The fact is there is no such thing as an absolutely correct translation of a poem. Because if each reading of an English language poem is an act of interpretation by the English language reader (you can agree on quite a lot but not on everything) how much more difficult it must be to translate from a language where you may not be aware of many of the possible meanings of the poem for its own original readers.

It seems impossible and so it is. But that is why we try, and every time we try we establish a small area of possibility. In fact if we are doing it well we are doing more than that: we are establishing an area of possibility that is itself a poem and the world is never poorer for a new good poem, which is like a new piece of knowledge of the world.

There are a good many such areas of possibility and I want to think about some of them. I have sorted them out into six and a bit categories not because I think the categories are strict but because, in my time as a judge of the Stephen Spender Prize for poetry in translation, I have simply noticed them. The examples I quote are not necessarily those I think best – anything that gets on the short list is very good and there are many wonderful translations among the prizewinners – but those I think make the point quickly and clearly.
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Here they are:

1. Translations of famous poems in the major European languages that look and sound much like their originals

Here's a good example. It's la Fontaine's famous 'The Cricket and the Ant' as translated by Johanna Reimann-Dubbers in the 14-and-under category in 2010. It's a simple but sprightly poem translated in a skilful, sprightly manner that conveys the original poem's teasing playfulness with plenty of energy in English. It is not that the translation is copying everything in the original but the translator understands it and we, the readers, believe in the poem, which not only looks quite a lot like the original but has its spirit too. Its spirits are catching. In the Open category there is the constantly virtuosic work of Jane Tozer to show us ways it can be done, or John Richmond's translation from Victor Hugo's 'The Retreat from Moscow'.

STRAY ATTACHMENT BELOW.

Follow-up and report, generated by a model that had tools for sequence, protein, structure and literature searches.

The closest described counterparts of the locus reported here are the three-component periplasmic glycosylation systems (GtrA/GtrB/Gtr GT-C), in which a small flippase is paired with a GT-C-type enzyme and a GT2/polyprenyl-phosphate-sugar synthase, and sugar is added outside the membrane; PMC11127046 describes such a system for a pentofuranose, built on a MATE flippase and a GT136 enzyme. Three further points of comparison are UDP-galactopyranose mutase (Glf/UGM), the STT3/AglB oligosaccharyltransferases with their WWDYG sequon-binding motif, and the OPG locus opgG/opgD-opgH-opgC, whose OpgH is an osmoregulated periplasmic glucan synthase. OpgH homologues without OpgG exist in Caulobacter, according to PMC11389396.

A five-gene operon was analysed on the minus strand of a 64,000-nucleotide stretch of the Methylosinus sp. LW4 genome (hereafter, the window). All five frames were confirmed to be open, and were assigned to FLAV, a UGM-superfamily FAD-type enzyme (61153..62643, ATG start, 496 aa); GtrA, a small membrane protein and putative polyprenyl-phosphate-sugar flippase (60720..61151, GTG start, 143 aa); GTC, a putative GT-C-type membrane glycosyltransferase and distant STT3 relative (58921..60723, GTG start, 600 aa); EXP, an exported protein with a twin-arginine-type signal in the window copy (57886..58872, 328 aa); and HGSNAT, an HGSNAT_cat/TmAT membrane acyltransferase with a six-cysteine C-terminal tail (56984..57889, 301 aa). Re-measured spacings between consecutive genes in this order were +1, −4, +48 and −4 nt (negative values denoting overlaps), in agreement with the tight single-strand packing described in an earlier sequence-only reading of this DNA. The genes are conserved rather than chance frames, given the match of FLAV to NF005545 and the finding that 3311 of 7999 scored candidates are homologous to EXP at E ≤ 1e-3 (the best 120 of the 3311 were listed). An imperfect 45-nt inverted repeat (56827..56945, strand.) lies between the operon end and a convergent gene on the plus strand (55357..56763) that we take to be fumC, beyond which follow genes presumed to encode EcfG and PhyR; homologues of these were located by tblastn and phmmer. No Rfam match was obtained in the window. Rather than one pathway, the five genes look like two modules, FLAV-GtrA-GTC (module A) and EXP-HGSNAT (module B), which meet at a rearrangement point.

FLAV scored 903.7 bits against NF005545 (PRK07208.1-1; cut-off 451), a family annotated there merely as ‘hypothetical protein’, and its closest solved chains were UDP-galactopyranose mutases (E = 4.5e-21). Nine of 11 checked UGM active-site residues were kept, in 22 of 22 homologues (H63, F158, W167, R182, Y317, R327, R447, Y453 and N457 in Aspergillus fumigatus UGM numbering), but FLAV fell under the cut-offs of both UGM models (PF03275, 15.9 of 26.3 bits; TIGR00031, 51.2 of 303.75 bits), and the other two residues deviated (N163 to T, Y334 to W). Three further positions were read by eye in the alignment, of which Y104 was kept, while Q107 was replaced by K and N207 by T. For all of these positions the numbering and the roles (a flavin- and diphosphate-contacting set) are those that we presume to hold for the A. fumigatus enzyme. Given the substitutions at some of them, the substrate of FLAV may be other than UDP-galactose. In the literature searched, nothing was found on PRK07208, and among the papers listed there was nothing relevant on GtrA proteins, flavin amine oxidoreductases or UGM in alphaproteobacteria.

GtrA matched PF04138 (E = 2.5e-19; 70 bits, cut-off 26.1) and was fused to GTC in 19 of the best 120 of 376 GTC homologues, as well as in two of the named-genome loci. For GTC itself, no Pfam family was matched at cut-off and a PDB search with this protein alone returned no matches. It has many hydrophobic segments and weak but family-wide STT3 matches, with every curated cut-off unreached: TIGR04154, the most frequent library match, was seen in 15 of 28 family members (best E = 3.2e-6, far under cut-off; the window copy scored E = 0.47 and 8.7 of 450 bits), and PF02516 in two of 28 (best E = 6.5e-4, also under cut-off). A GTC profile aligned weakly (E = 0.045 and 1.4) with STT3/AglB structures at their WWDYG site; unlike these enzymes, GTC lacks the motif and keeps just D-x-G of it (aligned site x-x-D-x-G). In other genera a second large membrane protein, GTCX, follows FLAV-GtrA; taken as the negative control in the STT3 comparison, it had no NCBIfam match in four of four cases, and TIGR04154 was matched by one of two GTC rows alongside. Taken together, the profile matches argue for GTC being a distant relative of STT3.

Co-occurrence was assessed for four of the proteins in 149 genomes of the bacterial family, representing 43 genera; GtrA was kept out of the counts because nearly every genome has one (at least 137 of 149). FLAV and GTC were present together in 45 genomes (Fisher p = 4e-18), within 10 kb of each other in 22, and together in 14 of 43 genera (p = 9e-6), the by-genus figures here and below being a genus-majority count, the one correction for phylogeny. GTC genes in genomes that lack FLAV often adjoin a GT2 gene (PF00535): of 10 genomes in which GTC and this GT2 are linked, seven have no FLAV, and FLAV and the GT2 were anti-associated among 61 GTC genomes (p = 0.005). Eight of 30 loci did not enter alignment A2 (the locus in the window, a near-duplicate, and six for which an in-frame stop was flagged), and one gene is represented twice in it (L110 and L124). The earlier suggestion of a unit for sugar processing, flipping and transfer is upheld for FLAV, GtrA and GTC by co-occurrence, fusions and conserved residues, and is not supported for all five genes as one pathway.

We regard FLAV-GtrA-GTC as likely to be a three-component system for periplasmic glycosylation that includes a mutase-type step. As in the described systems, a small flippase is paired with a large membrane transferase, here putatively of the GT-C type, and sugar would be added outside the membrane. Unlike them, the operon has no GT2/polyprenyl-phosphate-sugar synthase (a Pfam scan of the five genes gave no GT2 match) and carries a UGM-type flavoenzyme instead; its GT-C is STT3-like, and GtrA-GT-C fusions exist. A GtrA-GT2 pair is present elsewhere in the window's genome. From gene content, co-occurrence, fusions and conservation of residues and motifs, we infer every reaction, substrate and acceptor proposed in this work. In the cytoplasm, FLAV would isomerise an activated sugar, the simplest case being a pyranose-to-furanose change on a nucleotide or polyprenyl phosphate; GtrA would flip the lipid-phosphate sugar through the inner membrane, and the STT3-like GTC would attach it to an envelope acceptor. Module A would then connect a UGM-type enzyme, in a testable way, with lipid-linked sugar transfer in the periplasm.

2. Translations from famous poems that have often been translated but are vigorously reinvented and re-imagined so we see them anew

One of the most dramatic examples of this was Paul Batchelor's translation of a famous passage in Dante's Inferno, where he changed the original terza rima form of it and supplied a new one. Its freshness is like having a cold cloth applied to your brow when you are falling asleep. It certainly wakes you up.

Such things are a risk and people might claim they are not proper translations at all. The difficulty lies in defining a proper translation. But there are lots of translations of world famous poems. That's what makes them world famous. A new translation can afford to take risks because the old ones are established. Paul Batchelor's translation is a big risk but it takes us right back to an original that suddenly looks like a great discovery – as it would have done to its original readers.